With digital, it’s easy to just fire away because it doesn’t cost any more to shoot ten images instead of one, so I try to remember when I used to shoot more film how I really took more care with my exposures, because they cost more, and I had a limited supply of film with me each day. I try to remember those things when shooting digital. They made sense.

    Everyone has a different method, none necessarily better than another and mine continues to evolve. I’ve tried to take the best practices of shooting film and digital to try to find a happy medium.

  3. Hey Billy!

    Thanks for the insights on your editing process. I actually agree with everything you said. [See, we’re not that different after all. :-)] I am not deleting anything I think has potential, at least I hope I am not. Obviously bad or missed images, yes, and there are a surprising large number of them. Duplicates – many but not all of them.

    I remember asking a famous wildlife photographer what his “ratio” was i.e. how many images did he shoot before he got one he would print and sell in his gallery. That was something that at the time that made me feel better about where I was as a photographer. I thought that if a “pro” had to shoot 200-300 images before he “got one” worthy of putting in his gallery, then perhaps I wasn’t doing too bad myself. Of course at the time I was shooting film and my notion of a lot was perhaps 2-3 rolls a day, not knowing that he probably shot 20-30 rolls when out on safari. I realize now, that this ratio means nothing, other than which of your tens of thousands of images, do you put into a portfolio.

    So then perhaps the question is not how good of a photographer are you, but how good of an editor are you? Right along with the chain is as strong as the weakest link.

    I do feel too close to my shoots a lot. Especially now, when it can feel like there’s a picture every where you look, or sometimes the opposite, you know there’s a great image there, but you’re not quite getting it to your satisfaction. That’s when I absolutely love the instant feedback (and low cost) of digital. I’ll explore a situation or subject from many different angles and slightly different compositions until I think I “got it”. But I go thru the same heartache again when I see all the images on the computer screen. Which one is the best?

    Having feedback is of course great. I do value the “second eyes” of my Facebook fans who will sometimes give the thumbs up to images I almost did not include. And I have a growing collection of images on my iTouch which I will show to anybody interested. I take note of which images over time get the greatest response, which tells me something, even if the viewers are not photographers.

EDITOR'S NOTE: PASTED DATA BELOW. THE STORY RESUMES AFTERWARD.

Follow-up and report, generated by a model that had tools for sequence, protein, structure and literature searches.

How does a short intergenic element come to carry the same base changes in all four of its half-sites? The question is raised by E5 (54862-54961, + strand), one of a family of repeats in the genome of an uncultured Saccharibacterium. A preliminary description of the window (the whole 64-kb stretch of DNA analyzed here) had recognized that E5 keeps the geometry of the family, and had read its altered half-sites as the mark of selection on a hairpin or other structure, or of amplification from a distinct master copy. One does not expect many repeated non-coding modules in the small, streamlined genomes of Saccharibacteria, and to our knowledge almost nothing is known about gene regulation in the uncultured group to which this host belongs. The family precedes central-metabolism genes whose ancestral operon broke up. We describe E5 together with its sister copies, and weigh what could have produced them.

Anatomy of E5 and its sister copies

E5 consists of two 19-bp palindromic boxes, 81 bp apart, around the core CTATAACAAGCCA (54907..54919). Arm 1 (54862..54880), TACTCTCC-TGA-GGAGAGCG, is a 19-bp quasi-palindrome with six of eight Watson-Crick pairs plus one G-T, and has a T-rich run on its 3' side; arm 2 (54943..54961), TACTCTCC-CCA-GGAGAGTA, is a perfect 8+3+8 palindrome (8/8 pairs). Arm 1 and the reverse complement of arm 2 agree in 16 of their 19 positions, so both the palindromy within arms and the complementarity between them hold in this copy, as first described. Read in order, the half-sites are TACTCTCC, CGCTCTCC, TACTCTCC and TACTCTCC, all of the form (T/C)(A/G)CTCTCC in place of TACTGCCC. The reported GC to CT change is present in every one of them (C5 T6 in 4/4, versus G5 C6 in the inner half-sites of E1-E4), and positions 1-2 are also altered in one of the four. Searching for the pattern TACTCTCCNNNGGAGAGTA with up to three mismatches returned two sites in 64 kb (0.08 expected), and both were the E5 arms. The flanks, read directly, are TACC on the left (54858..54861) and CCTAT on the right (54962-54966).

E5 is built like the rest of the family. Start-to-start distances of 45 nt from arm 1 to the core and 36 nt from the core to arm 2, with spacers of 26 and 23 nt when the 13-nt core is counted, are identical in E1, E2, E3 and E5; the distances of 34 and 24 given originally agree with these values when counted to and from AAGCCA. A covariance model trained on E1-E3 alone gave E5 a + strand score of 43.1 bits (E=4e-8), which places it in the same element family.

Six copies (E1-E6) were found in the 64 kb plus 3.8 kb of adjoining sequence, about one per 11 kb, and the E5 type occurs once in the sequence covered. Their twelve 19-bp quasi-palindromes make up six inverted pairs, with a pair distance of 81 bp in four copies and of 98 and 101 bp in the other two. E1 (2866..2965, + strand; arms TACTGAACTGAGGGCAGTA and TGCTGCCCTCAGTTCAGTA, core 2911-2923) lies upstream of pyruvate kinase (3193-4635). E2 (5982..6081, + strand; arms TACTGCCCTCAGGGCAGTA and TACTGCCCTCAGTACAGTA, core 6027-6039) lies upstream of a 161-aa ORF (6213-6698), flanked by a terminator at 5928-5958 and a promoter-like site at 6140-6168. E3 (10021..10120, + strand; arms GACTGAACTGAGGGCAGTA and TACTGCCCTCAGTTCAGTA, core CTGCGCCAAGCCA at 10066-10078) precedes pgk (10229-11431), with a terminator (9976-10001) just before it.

As to the ‘spray and pray’ approach. No I’m not actually a fan. I use it like you do, for low-light situations without a tripod and for moving subjects to capture a sequence. I actually do want to shoot less so that I think much more about when I click the shutter. However, much of what I shoot is photojournalistic in nature. The moments are so fleeting and I don’t want to miss them. And then I do pray that I get a good image. I do have a film camera and film with me as a backup, but am fearful of using it for those exact same reasons. What if I don’t “get it”? What if I miss the moment? What if I run out of film? Questions that truly frighten me.

    Yes, digital does level the playing field. Pro photographers, espec. wedding photographers face this dilemma. At some point anybody can take a truly great picture or two, but that does not make them a great photographer. But the ratio of keepers vs. deleters is a good measuring stick for me as to how I am progressing as a photographer. I know that I am a good photographer now, but my goal has shifted. I now want to be a great photographer. 🙂 Learning how to edit my work better is a stepping stone. I think now I would want to take Doug’s class again as it was so focused on editing and finding your best images. I just didn’t quite understand the why’s in his editing process. That I want to learn more about.

    This last week I didn’t shoot at all. I felt guilty, bc after all I’m here in Vietnam and I’m a photographer. But I also needed a break. It felt so liberating to be able to walk out my hotel door with just my fanny pack containing my cash, passport and a notebook. As I focused on the writing, I discovered that I could see the pictures in my mind that should accompany what I wrote about it. That was a surprise to me. I still didn’t pick up my camera, but began searching for these images as I walked down the street and silently clicked them in my head. So perhaps that is my antidote and will help me with my next goal.

    Christine